Elementary School Shooting December 14, 2012

Posted by Supersentai 
I was a bit surprised that there wasn't a posting concerning the tragedy today. Eighteen elementary age children and nine adults killed by a lone gunman. For all the "can't get much worse than this" moments I've lived in my 40 plus years, I had a hard time holding it together today, as did several of my colleauges. I think the abject horror of a room full of kindergarten age children systematically murdered in front of each other hits you hard whether you have children or not. Mine got an extra special hug when I got home today.

Politicians started emerging with the gun control debate mantra, as expected, but I'll give you my prediction. You will see those schools, especially those with younger children, either hire armed security or have teachers or administration become certified with access to weapons on campus. Many high schools have full-time armed cops as deterrent for gang activites, as well as in response to Columbine. However, elementary schools have been staffed, at best, with unarmed "patrol guards" who have little to no professional training or responsibilites other than opening the front door for deliveries and would be useless in a situation like today.
Given the demonstrated weaknessess of such a system, and the inherent threat of any repeat incidence, such a shift will likely occur in an effort to fight the "last war", as is always the empasis of security strategists. The alternative of calling 911 and waiting ten minutes isn't going to make any parent feel safe again.

One observation I made in a racially mixed work environment was that my minority, mostly black, coworkers were not as shocked by the events of the day as were my white peers. This isn't to say they didn't express sorrow for the situation, or sympathy for those affected, but after years of equally senseless deaths of innocent children from drive-by's and the like, there's a hardness that already has cemented in that culture that white Americans haven't had to develop as a coping mechanism.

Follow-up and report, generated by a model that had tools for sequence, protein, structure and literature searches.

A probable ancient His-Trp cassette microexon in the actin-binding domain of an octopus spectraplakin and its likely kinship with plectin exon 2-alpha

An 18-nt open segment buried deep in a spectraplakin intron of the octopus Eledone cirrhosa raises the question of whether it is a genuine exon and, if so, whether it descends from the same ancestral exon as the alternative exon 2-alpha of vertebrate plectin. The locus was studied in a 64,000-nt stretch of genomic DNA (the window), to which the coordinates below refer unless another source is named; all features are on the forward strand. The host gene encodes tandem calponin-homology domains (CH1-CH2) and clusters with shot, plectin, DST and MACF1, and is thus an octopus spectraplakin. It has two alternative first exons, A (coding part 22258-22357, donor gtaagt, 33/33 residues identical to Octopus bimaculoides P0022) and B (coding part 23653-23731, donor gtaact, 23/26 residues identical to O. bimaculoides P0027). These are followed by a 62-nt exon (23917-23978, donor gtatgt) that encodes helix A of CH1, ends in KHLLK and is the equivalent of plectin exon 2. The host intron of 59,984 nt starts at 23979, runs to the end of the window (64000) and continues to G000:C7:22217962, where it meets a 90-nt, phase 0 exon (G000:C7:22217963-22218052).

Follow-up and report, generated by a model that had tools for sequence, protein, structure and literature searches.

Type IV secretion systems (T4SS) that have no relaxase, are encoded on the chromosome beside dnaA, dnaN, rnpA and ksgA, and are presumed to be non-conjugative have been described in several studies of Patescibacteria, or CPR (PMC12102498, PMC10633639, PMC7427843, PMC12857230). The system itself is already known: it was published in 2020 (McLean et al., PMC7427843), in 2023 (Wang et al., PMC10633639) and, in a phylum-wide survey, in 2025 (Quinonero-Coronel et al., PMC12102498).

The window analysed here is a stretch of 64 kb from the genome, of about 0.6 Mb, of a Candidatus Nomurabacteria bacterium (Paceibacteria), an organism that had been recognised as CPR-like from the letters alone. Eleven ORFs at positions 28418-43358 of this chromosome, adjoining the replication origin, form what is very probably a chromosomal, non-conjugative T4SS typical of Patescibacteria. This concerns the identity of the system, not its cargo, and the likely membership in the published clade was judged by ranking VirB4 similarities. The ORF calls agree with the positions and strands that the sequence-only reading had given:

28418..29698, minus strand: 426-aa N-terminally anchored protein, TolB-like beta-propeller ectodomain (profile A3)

The 2012 Chicago murder rate hit 400 recently, mostly involving minorities and gang violence. Whether it be a 12 year old girl on her porch or an 18 year old CHILD acting as a gang member, it almost has to serve as an uneasy sense of relief when tragedies such as this unfold in the white community for no other reason that maybe we'll all start to care about the one innocent victim of violence regardless of the community in which it occurs. It's easy for white folks to tune out the violence that goes on year-round in the black and minority communites, but every once in a while a white guy shows we can take crazy to a whole different and staggeringly inhumane level. It shouldn't take an incident such as today's to espouse serious political attention, but you'll be seeing the response to today's events continue for years to come.

I plan to remember the children, those who died, as well as those who survived; the brave and selfless teachers who died defending their students; and the families of those impacted by today's violence in my prayers tonight. Shamefully my most furvent prayer will be gratitude that I didn't lose a child today in this way, and can't even begin to imagine how I would get on with my life for some time in the shadow of such pain.
Not to be flippant about this tragedy, at all, but I'm not sure why you expected to see a post about it on a toy board. Personally, with the instant access to information, nonstop status updates, and 24hr news cycles, this site is a respite from all that.

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[pgaijin.blogspot.com]
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hillsy
Not to be flippant about this tragedy, at all, but I'm not sure why you expected to see a post about it on a toy board. Personally, with the instant access to information, nonstop status updates, and 24hr news cycles, this site is a respite from all that.

W/r/t to something like this, I imagine a toy board is where people would go to get away from being inundated with it. This shooting, as heartbreaking and horrific as it is, will remain just a pointless tragedy unless legislation arises that at the very least severely restricts gun ownership in this country. Otherwise, it'll just be added to a long list of examples of how dangerous a gun-enthusiast culture can be.

Another fantasy I have is that media coverage of shootings like these would be opposite of what it is now--sensationalized, gratuitous, and inspirational to aspiring psychos everywhere. Also, inflaming the various feelings of schadenfreude (e.g., I'm so lucky it's not my kid) inspired in people not directly affected by such tragedies. Which isn't to say that there's no such thing as collective grief and mourning, and I'm certainly not accusing supersentai of emotional rubbernecking, but it's unfortunate that in all likelihood, after the shock of this tragedy has receded from our collective consciousness and is replaced by the shock of a new one, probably not much will have really changed. I'd love to be proven wrong, though.